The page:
Eileen Kanter and her family are preparing for a double dose of thanks.
"I usually decorate for Thanksgiving, and then I take everything down and I have some time for Hanukkah," she said.
But, this year they share the same date. That has not happened since the 1800s.
"We are putting a turkey on one side of the piano and then a Hanukkah bear on the other side," her son Ben said.
People call it "Thanksgivukkah." At the Kanter's home, the menu is set.
"We are kind of mixing traditions this year," she said.
Both are holidays for giving thanks. It will be at least another century before they line up again.
"It really has not clicked probably until now that this is a sort of a milestone," said her husband Brad.
Rabbi Bob Judd of Kol Ami said his congregation has asked lots of questions about what to do.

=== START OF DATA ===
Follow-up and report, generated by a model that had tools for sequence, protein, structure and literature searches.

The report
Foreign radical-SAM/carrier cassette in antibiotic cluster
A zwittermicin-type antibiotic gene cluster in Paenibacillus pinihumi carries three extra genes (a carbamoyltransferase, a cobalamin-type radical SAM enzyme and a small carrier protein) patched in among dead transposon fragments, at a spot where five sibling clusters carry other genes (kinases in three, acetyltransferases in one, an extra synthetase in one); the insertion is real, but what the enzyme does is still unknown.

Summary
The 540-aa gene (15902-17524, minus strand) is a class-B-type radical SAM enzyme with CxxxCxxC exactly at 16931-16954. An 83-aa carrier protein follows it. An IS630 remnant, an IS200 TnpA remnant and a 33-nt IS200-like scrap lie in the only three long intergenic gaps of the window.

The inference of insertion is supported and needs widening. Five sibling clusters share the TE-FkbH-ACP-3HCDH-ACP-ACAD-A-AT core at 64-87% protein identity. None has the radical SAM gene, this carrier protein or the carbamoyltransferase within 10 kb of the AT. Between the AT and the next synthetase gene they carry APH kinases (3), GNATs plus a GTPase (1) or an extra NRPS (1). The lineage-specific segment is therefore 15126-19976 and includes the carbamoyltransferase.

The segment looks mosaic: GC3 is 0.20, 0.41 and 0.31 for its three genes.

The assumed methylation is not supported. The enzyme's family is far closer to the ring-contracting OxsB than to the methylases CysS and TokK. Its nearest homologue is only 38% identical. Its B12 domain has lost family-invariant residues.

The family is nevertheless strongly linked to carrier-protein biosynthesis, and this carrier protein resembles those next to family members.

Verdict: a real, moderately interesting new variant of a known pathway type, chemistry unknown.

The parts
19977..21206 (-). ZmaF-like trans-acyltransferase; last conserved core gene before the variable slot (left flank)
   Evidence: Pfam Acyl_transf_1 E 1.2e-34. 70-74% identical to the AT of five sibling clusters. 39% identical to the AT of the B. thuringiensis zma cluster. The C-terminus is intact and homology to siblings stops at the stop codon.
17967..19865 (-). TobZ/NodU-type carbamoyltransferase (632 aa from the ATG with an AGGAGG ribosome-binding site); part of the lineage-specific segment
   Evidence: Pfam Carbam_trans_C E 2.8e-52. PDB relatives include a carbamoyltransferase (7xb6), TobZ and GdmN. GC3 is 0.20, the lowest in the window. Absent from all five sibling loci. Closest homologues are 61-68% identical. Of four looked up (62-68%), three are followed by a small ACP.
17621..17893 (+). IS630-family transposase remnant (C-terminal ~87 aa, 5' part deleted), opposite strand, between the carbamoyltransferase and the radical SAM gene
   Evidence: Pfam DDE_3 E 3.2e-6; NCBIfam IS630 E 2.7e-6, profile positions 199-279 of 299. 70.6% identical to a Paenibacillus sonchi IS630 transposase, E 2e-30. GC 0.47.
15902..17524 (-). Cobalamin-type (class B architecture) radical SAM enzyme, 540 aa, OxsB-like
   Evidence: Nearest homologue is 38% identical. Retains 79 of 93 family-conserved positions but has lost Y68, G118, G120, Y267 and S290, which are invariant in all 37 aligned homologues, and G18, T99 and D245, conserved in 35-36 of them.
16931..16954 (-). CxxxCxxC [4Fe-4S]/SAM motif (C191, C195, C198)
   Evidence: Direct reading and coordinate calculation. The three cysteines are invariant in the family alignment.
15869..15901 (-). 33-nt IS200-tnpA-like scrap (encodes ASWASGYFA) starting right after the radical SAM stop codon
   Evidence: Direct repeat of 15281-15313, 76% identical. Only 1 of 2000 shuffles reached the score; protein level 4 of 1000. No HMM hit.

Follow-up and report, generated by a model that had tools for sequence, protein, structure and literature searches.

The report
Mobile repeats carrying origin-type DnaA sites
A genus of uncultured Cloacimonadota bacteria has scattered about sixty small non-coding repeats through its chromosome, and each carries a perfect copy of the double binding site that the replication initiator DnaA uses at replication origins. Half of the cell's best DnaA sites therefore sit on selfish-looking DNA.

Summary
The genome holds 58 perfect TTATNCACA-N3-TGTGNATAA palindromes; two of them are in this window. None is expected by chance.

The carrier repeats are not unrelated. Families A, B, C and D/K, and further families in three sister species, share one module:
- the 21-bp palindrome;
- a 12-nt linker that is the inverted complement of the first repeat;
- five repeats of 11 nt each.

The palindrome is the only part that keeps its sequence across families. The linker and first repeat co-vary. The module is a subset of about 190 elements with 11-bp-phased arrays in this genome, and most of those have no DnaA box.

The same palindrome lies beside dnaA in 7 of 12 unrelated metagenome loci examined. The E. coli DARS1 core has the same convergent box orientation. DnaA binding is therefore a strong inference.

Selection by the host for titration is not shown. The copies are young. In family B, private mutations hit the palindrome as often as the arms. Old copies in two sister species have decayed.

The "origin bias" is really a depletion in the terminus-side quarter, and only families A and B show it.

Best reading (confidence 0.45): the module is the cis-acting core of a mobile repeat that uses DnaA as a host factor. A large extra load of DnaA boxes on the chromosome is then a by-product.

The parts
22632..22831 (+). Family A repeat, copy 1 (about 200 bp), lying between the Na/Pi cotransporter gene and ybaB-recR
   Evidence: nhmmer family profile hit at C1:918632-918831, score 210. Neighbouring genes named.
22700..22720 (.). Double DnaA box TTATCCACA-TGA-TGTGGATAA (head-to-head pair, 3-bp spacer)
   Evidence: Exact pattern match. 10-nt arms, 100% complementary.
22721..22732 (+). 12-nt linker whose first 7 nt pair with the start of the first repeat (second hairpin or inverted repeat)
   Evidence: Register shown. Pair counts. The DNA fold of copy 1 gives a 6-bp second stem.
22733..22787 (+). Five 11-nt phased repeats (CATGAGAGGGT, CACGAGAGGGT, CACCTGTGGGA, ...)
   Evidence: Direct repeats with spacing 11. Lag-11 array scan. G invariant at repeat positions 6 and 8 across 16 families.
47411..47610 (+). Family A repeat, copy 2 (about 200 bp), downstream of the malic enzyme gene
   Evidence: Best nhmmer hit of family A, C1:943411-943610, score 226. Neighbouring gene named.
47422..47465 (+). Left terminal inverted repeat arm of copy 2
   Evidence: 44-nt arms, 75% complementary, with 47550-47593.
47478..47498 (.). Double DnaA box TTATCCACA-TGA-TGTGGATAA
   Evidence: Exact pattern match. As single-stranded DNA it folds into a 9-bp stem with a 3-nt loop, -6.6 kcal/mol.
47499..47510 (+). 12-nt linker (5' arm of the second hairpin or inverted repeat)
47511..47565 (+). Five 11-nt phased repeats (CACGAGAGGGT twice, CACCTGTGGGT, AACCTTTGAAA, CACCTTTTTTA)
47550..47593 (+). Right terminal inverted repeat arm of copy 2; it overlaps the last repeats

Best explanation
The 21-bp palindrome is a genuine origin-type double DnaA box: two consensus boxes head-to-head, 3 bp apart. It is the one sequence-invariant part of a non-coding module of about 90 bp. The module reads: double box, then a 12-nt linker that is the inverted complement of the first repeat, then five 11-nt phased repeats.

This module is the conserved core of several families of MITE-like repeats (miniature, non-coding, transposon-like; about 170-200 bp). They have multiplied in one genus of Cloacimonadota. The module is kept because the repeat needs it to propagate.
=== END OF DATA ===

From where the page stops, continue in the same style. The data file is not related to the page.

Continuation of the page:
"Nobody who is alive right now will ever see the first night of Hanukkah and Thanksgiving fall together," Rabbi Judd said.
There is no set protocol, but the answer is simple.
"This is a perfect time for families to sit around and think about ways they've been truly blessed," he said.
Eileen and her family said it is a moment to embrace.
"I just want to have fun and spend time with my family," Ben said.
And a time to come together for this once-in-a-lifetime event.
"It is not the presents, it's the gifts you get every day from being around each other," she said.
This is not the only time Hanukkah will fall on another holiday. In 2016, Hanukkah and Christmas will share the same date.
FOX 13 / WTVT-TV
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